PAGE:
But most of us know this will not happen so fast. For years now we have been denouncing the ever more clear signs of corruption. That won’t be brushed away with 80 or even 150 arrests with unclear consequences. And it’s not just corruption. For a while now there have been policies that no longer prioritize the majority in a context where discussions and debates become more and more difficult.
Right now we are like wounded cats. We were run over and we are extra cautious, we struggle to get too close and trust again, no matter how hard we are called and how succulent the food on the plate appears. We will walk around a bit more and see what unfolds.
One of the government’s latest gambits was a new television show called “Con Maduro +” (“More with Maduro”). I don’t want to be mean, but the aesthetics remind me of those game shows that gave away washing machines and ovens. There was even an AI-generated host to boot.
The communications policy has been deficient (I’m being generous here), so I applaud that new formulas are being tried out. Nevertheless, this latest one contrasts completely with the iconic style of Chávez’s “Aló Presidente,” which was born as a radio show before migrating to television and sidestepped all the clichés. It could last up to 12 hours, jump from one subject to the next, with no commercial breaks. It had real participation, heart-wrenching moments that were not scripted and genuine scoldings (usually from Chávez himself against his ministers). It’s no exaggeration to say that communication, the ability to transcend the traditional mediation channels, was key to Chávez’s connection to the people.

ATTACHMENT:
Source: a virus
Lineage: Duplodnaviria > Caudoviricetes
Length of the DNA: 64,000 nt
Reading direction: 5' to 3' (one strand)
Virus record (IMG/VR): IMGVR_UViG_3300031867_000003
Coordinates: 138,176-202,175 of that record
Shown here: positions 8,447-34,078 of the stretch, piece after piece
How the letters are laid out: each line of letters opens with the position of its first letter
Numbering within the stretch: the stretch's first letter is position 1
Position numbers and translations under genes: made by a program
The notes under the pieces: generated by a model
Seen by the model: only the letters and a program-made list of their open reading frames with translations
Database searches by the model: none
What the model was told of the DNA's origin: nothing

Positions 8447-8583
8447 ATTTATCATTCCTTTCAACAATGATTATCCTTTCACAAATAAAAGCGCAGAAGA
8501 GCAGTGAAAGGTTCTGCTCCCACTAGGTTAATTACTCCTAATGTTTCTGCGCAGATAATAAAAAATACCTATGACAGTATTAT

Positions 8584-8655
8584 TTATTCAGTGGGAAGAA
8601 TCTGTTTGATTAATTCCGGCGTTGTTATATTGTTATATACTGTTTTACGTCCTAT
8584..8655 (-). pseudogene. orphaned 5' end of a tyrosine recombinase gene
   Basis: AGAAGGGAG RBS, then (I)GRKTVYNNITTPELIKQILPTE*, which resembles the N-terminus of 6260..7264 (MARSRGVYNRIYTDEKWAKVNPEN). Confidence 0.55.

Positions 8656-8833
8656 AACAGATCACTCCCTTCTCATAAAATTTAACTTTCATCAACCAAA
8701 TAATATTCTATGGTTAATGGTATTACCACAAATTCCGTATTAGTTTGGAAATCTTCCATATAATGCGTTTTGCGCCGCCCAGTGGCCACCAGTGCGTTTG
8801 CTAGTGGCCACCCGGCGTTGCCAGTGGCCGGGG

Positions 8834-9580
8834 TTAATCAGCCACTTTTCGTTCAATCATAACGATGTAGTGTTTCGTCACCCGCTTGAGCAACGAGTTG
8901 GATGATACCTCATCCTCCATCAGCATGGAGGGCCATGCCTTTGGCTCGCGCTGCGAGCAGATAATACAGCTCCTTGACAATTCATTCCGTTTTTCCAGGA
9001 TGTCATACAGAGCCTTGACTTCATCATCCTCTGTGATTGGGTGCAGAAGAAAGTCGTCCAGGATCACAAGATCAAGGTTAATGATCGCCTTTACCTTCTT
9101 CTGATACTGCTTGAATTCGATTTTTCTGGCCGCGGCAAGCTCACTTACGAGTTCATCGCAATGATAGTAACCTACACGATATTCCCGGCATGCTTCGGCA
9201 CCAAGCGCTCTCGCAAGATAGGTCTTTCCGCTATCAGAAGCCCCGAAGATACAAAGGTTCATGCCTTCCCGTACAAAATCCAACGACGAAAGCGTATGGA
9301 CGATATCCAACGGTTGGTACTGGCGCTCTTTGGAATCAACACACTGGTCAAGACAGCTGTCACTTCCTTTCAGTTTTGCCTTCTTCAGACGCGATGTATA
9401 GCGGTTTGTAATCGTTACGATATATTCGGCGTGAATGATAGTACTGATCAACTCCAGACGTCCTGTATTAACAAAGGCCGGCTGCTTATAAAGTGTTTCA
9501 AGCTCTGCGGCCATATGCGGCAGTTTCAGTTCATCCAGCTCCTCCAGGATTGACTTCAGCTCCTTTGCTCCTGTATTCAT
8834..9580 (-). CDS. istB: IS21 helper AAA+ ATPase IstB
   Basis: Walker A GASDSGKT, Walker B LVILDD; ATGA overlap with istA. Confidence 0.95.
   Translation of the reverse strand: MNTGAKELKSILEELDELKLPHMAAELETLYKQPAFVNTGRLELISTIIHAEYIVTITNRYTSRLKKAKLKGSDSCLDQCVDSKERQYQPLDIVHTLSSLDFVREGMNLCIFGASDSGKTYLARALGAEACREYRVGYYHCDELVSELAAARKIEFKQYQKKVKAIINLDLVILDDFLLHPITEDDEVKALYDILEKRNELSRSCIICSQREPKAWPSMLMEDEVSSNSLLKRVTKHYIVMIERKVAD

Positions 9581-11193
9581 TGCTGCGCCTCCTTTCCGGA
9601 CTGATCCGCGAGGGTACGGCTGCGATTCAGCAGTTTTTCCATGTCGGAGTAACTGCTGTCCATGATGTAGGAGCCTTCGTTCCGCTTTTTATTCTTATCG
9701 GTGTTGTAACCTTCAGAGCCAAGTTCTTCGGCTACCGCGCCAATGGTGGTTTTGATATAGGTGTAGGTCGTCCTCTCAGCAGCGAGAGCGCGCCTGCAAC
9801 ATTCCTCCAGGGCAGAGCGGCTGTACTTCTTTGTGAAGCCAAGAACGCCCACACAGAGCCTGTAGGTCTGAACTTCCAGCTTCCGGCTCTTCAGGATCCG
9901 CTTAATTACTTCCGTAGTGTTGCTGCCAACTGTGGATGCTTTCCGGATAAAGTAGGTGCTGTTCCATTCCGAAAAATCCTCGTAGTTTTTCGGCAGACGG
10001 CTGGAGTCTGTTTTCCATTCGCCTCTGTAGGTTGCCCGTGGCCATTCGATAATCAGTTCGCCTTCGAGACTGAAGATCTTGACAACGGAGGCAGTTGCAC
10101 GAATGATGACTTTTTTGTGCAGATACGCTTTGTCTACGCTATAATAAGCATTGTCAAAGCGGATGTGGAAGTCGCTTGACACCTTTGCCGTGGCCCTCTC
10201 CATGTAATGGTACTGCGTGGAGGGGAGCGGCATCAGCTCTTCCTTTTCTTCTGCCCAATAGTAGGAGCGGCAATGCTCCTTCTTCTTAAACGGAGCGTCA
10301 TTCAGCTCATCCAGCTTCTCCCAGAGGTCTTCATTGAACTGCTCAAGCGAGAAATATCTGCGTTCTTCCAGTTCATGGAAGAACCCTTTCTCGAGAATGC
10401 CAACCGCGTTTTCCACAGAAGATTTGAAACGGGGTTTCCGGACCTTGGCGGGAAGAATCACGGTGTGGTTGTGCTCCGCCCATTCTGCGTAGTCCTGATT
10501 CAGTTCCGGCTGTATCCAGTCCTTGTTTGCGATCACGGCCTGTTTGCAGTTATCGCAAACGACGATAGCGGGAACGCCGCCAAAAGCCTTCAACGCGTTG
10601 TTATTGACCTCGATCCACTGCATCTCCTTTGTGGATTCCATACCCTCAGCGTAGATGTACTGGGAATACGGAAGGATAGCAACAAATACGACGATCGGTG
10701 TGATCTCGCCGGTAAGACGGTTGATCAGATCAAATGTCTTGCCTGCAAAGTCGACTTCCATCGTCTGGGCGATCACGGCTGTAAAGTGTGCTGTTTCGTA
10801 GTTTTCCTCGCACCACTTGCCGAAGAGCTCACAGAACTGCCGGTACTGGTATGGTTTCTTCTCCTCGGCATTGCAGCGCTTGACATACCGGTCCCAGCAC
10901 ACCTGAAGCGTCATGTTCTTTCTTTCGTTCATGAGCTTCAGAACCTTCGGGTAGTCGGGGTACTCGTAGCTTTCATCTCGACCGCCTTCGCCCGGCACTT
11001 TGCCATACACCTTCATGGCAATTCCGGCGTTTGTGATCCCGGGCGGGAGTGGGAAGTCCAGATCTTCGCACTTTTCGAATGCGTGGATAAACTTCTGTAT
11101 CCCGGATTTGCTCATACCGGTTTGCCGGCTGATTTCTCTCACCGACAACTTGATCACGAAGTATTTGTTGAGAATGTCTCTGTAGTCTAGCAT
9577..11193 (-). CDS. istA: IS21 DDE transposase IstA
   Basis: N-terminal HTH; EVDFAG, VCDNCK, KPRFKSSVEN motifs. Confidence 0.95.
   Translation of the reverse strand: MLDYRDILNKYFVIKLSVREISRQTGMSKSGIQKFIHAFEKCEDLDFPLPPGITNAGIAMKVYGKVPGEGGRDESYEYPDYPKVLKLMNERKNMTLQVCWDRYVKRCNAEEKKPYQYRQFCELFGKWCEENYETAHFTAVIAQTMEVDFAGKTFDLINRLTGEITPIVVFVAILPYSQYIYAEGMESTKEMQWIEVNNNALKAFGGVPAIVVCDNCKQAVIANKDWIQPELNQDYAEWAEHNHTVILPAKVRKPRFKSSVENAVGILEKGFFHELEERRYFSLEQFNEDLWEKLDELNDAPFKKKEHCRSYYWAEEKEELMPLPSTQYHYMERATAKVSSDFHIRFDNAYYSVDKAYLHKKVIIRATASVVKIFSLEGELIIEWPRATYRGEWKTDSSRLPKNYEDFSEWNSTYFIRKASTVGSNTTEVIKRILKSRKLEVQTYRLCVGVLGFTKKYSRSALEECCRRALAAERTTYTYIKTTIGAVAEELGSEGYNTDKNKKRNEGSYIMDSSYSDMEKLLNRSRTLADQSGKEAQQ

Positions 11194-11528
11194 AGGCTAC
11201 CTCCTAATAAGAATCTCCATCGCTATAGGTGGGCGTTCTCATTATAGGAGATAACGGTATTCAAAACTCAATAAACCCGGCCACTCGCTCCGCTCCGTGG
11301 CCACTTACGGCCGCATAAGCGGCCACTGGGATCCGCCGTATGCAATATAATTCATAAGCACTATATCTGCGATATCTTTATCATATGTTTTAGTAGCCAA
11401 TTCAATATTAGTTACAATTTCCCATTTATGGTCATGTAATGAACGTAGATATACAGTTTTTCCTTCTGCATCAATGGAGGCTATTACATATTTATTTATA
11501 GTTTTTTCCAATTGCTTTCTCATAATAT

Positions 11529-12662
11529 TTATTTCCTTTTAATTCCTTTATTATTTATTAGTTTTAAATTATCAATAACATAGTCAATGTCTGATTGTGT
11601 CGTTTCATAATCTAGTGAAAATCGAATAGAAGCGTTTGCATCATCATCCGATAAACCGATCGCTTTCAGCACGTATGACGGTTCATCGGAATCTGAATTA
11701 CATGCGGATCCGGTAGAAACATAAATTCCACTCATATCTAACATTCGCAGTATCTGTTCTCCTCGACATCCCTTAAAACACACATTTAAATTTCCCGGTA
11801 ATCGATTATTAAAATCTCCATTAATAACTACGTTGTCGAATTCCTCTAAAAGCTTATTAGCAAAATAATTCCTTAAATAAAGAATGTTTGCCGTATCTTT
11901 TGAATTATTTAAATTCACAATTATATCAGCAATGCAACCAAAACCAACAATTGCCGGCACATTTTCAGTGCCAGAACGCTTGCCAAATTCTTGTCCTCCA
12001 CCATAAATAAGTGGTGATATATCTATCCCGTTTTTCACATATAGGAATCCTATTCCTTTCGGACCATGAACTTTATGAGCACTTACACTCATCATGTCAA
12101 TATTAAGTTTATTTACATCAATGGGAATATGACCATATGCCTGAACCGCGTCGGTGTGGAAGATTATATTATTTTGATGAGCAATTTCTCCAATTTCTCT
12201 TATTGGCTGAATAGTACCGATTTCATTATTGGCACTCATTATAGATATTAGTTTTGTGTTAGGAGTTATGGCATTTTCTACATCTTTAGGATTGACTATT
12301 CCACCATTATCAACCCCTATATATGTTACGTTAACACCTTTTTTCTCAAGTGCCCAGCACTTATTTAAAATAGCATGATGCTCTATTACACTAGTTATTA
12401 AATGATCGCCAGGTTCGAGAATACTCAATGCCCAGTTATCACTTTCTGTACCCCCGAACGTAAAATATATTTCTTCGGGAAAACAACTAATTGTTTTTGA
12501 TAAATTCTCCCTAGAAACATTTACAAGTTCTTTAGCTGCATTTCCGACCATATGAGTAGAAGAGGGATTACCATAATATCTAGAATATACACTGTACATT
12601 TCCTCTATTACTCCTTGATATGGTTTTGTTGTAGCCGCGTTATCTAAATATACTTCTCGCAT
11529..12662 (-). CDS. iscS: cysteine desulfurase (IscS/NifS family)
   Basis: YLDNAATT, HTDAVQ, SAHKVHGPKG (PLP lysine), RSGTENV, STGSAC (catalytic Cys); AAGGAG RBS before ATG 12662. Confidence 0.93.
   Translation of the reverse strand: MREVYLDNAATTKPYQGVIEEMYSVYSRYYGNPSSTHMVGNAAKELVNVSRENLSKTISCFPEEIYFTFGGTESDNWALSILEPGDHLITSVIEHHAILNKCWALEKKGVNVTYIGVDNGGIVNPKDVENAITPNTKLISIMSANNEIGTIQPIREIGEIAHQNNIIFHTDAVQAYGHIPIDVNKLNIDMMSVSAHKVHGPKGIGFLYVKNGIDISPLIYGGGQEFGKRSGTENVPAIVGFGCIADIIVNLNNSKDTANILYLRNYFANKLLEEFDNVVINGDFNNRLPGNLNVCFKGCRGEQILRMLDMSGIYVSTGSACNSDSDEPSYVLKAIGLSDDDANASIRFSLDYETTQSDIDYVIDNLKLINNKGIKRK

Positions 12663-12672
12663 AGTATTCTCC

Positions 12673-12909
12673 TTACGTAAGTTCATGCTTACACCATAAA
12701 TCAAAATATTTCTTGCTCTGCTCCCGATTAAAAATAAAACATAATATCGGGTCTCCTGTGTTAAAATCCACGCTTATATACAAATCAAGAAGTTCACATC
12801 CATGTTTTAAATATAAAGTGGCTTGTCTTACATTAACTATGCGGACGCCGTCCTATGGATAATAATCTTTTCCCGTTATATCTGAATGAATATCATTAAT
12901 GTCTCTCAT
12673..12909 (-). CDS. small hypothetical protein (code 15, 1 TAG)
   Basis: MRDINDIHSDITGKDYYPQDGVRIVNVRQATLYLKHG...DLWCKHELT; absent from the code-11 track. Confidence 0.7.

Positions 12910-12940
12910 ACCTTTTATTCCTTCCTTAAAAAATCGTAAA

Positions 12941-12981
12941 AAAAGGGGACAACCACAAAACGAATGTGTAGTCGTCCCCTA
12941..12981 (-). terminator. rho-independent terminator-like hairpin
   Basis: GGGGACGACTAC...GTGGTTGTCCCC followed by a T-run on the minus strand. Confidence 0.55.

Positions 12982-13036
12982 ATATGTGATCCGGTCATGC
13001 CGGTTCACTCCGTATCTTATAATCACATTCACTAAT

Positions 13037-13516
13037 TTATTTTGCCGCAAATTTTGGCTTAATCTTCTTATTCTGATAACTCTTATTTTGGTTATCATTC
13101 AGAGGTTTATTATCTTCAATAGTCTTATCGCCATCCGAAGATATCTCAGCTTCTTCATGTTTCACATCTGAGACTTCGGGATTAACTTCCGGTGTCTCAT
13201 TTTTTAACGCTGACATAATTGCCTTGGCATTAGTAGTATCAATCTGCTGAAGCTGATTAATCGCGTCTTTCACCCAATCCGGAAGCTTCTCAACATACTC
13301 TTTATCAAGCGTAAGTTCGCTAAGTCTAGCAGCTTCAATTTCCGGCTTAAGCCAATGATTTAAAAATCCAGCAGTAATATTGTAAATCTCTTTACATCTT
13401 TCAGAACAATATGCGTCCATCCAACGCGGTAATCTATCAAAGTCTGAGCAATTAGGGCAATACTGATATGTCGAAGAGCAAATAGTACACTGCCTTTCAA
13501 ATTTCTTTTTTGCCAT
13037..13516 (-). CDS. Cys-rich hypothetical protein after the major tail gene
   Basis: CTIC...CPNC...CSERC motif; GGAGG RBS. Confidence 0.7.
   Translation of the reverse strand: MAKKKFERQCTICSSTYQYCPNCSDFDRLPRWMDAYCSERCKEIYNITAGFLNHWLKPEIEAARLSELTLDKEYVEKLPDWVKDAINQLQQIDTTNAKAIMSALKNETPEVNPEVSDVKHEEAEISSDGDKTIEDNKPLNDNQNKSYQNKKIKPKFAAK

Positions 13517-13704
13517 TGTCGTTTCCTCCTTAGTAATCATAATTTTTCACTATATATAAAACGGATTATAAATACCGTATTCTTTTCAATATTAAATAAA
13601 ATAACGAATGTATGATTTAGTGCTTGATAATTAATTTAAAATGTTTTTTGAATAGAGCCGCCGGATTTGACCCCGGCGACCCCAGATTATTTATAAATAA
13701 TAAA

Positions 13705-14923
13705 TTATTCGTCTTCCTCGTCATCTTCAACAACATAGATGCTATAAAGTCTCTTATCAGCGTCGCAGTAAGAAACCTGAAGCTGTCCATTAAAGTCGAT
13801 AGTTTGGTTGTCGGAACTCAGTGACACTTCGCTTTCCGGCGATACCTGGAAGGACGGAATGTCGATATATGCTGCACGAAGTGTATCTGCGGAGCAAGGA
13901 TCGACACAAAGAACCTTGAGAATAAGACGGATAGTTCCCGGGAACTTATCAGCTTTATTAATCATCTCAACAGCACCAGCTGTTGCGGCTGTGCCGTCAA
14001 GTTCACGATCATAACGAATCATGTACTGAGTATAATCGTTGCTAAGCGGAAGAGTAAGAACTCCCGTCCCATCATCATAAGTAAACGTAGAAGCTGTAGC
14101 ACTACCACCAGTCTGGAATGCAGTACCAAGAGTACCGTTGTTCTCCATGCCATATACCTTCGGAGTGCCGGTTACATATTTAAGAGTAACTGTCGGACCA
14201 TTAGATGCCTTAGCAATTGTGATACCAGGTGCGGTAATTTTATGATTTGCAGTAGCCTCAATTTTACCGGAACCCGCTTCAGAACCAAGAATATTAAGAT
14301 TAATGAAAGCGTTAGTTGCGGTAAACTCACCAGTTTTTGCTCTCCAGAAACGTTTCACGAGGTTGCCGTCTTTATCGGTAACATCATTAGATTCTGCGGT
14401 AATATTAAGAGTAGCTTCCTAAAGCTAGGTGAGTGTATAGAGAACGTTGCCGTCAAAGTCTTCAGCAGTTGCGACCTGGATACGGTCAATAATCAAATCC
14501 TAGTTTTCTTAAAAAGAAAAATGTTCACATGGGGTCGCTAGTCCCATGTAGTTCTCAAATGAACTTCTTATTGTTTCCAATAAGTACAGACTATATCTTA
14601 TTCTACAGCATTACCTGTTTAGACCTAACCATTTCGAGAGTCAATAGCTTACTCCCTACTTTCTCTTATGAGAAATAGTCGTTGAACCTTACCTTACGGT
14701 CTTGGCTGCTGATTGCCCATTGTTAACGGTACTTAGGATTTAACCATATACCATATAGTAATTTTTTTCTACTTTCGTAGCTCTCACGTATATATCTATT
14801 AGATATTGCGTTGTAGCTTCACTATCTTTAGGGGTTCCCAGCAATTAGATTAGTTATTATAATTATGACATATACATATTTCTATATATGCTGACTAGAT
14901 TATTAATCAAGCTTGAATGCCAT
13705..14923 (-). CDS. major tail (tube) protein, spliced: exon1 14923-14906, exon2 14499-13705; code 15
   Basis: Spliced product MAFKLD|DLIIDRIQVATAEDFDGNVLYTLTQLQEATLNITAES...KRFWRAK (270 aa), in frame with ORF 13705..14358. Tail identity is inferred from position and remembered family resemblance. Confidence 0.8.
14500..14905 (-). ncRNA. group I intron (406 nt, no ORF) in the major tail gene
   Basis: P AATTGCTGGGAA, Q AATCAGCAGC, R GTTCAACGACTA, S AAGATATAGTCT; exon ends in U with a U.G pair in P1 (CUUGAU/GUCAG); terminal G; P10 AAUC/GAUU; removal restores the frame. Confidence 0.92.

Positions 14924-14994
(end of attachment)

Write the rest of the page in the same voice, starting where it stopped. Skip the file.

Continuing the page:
It must be said that the times have changed, technology now plays a much bigger role, and it is also unfair to always hold Chávez as the measuring stick. But it’s more than that. In Aló Presidente, for the most part, there was no blatant pandering to voters. Chávez knew that, one way or another, his policies and programs like the social missions spoke for themselves. Furthermore, for most of his time in government, even with the media, the Church and the business sector all against him, Chavismo won elections quite handily.
This is far from the case right now. Maduro will run for reelection and in October the opposition primaries will define his main opponent in next year’s presidential elections. None of them is looking inspiring, even amidst die-hard opposition ranks. And I mean none of them.
Will there be time and will to rebuild the people’s trust one step at a time? Or will opposition mediocrity remain the government’s biggest asset? We shall see…
(1) Gran Colombia was the newly independent state led by Simón Bolívar in the early part of the 19th century. It was later broken into modern-day Venezuela, Colombia, Ecuador and Panama.
Jessica Dos Santos is a Venezuelan university professor, journalist and writer whose work has appeared in outlets such as RT, Épale CCS magazine and Investig’Action. She is the author of the book “Caracas en Alpargatas” (2018). She’s won the Aníbal Nazoa Journalism Prize in 2014 and received honorable mentions in the Simón Bolívar National Journalism prize in 2016 and 2018.
The views expressed in this article are the author’s own and do not necessarily reflect those of the Venezuelanalysis editorial staff.
Translated by Venezuelanalysis.